Remaining calm and peaceful became a high priority.  When my family realized how much more functional and healthy I could be in a calm environment they started to prioritize this too.  It wasn’t over night.  We didn’t know what was happening as it was happening.  It just shifted, imperceptibly, as I shifted.  As we realized that I was getting better, even in the presence of devestating regressions, it became easier to allow me the things that I needed to get better.  When we began to believe (together) that I would get well, it became simple to make sure that we were protecting that progress by letting other priorities go for a while.  Life shifted.  It became about healing.  Living was put aside.  Chores, expectations, commitments, these things were placed below all things that led to healing.

It was like starting to finally see a hint of that light that was supposed to be at the end of the lightless tunnel I had started traveling.  It was the breath of life, the ray of sun, that was rewarded after all the promiseless trials.  And there were many, many promiseless trials.  There were more coming too.  It didn’t really matter though.  This healing thing had taken a life of it’s own and I was being carried through it, pushed through it, pulled through it and sometimes crawling through it of sheer will.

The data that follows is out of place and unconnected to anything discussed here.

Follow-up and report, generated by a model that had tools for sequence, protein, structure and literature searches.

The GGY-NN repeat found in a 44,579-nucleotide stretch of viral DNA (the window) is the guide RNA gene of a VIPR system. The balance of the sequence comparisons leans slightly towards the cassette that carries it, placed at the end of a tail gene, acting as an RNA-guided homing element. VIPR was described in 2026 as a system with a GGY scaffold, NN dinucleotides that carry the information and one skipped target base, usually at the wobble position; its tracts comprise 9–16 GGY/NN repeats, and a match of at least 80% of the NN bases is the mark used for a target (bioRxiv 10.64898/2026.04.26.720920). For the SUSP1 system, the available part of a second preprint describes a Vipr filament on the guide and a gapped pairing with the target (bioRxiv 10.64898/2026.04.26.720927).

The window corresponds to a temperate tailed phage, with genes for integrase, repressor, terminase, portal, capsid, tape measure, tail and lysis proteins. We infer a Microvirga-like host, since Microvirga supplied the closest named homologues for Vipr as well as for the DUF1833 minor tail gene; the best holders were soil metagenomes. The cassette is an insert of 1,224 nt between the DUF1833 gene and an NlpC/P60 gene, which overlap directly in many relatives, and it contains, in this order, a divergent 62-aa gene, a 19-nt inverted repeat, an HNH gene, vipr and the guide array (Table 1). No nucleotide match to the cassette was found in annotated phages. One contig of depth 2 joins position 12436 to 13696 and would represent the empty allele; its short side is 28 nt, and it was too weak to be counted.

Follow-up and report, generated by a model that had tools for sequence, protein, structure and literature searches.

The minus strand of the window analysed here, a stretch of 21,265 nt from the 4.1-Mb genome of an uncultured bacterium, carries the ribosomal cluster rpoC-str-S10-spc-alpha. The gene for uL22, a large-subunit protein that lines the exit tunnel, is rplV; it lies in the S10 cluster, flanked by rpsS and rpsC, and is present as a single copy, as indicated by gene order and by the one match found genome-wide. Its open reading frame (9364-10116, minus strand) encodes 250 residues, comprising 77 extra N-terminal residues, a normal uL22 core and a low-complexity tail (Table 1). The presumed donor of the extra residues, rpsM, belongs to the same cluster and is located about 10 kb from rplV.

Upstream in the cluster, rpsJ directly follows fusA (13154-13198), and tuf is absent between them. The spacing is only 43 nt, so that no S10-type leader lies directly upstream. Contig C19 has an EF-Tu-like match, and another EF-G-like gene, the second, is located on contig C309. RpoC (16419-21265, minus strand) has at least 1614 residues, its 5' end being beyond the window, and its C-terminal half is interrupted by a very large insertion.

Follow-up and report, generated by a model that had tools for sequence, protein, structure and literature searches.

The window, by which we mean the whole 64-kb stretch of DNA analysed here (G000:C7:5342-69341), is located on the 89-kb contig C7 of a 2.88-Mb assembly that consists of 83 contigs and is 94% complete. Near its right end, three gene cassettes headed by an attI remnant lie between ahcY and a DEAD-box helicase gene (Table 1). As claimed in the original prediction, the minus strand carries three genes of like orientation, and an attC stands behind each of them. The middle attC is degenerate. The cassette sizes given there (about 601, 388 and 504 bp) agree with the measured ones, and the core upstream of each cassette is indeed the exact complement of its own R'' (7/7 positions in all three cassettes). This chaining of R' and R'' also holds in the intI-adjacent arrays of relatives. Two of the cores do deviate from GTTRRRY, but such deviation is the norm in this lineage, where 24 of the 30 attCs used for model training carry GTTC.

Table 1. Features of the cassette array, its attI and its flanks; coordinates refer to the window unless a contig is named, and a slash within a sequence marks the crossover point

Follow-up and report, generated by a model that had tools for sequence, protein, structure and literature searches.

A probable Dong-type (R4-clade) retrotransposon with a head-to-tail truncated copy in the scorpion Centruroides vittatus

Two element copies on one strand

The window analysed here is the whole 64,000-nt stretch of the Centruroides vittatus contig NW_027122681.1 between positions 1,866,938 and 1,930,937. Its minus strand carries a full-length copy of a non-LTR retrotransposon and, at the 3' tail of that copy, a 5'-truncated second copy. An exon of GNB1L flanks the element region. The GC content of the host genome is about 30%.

I had no idea how long this tunnel was.  I had no idea how far I may or may not have come.  There came a point when it didn’t matter anymore.  I wasn’t focused on the light at the end.  I was learning to focus on the best here and now that could be achieved.  I was learning to experience each moment in the best way possible, pain or no, fatigue or no, strain or percieved failure or not.  Each thing was going to be experienced in the best way that it could be.

It was an astounding lack of judgment.  It took me a while to realize that shift, but when I did it opened up yet another stash of tools for the process.

I read more.  I perused the book ads and reviews in Shamala sun and found two books that would become very important to me.  Two books that would act like security blankets and start to carry me back into every day life.  They were The Four Agreements and The Power of Now.  If someone had told me that these two books would have anything to do with healing I would never have picked them up.  I wouldn’t have believed such a thing and thus would have chosen to not waste my time.  But no one told me that and they intrigued me, so I was able to pick them both up and simply read.

I read them ever, ever so slowly.  Trying to understand every single sentence.  To follow every single paradigm shift, and to take a break when I couldn’t follow anymore.

I was truly astounded to discover that these two books helped me manage the pain.  It went against everything I had ever been taught, told or previously believed, but it was very real.

I was getting better and it was time to refine my practice… discover what was truly working and give it more.  Learn more.  Heal more.